Is it too much to ask the biggest too-big-to-fail banks to refrain from getting bigger than they already are?

Apparently. In just the past week, consider:

  • Citigroup (NYSE: C) declared in an investor presentation that it'll grow core managed assets -- already $1.4 trillion deep -- by 5% annually going forward. That might not sound like much, but if the economy grows by 2%-3% per year while Citigroup grows by 5%, it piles on more systemic risk by the day. If that wasn't enough, Citigroup is also looking to beef up its proprietary trading unit, according to Bloomberg.
  • JPMorgan Chase (NYSE: JPM) just signed a deal to purchase the commodities trading division of RBS Sempra. This is just weeks after President Obama decried taxpayer-backed commercial banks for engaging in such activities and proposed new laws to ban them from doing so.

How's that for disregard? Take your too-big-to-fail risk and shove it!

Fingers crossed ...
Something's gotta be done about too big to fail. Sooner rather than later would be cool, before the meltdown of 2008 fades from memory. Yet the folks tasked with overhauling this mess have shown frightening glimpses of disregard.

Before new financial reform rules were proposed in January, the White House gave a background briefing to a group of journalists and analysts. When discussing ways to rein in banks' size, a White House official noted that we already have a size rule. It's known as the 10% rule -- a 1994 law that prevents banks from making acquisitions that push them over owning 10% of the nation's deposits. "Under our system today," the official noted, "there's a cap on deposits that prevents future acquisitions by a firm if they're up against that cap or if the acquisition would place them over the cap." To go further, the White House proposes expanding the rule from deposits to other forms of funding, like short-term debt.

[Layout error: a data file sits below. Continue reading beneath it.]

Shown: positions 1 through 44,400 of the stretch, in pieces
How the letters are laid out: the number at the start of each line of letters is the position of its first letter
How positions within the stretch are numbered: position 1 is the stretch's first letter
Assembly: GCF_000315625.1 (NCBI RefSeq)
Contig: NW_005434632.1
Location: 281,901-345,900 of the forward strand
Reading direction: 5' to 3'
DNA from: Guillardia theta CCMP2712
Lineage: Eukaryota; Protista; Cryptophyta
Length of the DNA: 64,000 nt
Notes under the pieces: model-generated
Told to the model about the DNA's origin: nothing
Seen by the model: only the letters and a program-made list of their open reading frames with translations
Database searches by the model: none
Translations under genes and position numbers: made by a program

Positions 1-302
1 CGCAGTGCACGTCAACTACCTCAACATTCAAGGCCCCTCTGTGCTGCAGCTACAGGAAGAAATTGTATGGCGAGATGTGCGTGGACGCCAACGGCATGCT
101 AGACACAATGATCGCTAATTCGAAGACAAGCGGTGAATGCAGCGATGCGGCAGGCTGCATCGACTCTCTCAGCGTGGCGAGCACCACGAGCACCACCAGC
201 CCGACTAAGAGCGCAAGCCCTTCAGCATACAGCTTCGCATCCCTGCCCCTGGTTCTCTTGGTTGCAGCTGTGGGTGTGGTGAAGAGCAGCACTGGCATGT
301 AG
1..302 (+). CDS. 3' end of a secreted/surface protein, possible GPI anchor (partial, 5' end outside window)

That's a great start. Really. But associating a new too-big-to-fail solution with the deposit rule makes it about as promising as most first-round American Idol contestants. The current rule is spineless at best, with mile-wide loopholes that banks can stride through without breaking a sweat.

Over the past 18 months, two banks made deals resulting in ownership of more than 10% of the nation's deposits. Bank of America (NYSE: BAC), which controlled 11.8% after buying Merrill Lynch, and JPMorgan Chase, which owned 10.2% after buying Washington Mutual, according to SNL Financial.

How'd they bypass the rule? It was really just a matter of semantics. The 10% rule specifically applies to banks acquiring banks. But neither Merrill Lynch nor Washington Mutual technically fit that bill. Merrill Lynch was a broker-dealer; Washington Mutual was a thrift. So they were free to merge and create two of the largest and most hazardous financial monsters the world had ever known. A rule that can be circumvented that easily loses its significance pretty quickly.

Another effort to end too big to fail is proposed "resolution authority" that lets regulators seize and break up a bank if it's about to fail and wreak havoc. This, JPMorgan Chase CEO Jamie Dimon tells us, "can help halt the spread of one company's failure to another and to the broader economy."

Well, OK. But resolution authority might as well be called the "if it's broke, don't fix it" approach to problem solving. Allowing a bank to become preposterously large and entangled but giving the government the go-ahead to take over and wind it down is exactly what regulators did with AIG (NYSE: AIG), Fannie Mae (NYSE: FNM), and Freddie Mac (NYSE: FRE). Can't wait to relive those memories! It's really simple: These rules must be preventive, not reactive.

Buck up and get the job done
What you need to truly end too big to fail are firm laws that say, "Look, a financial company can't be larger than X, period. If you're bigger than that, sell assets or break yourself apart. If you're thinking about doing a deal that makes you bigger than X, go pound sand. And we don't care what jargon you use to dissociate yourself from the word 'bank.' If you're in the business of money, these are the rules you'll follow."

There's no excuse not to do this, and hardly a rational argument against it. Very few politicians and regulators, though, are brave enough to even talk about it.

So why don't we talk about it more? What do you think should be done to stop too big to fail? Let us know in the comment section below.

Be sure to check back every Tuesday and Friday for Morgan Housel's columns.

Fool contributor Morgan Housel doesn't own shares in any of the companies mentioned in this article. The Fool has a disclosure policy.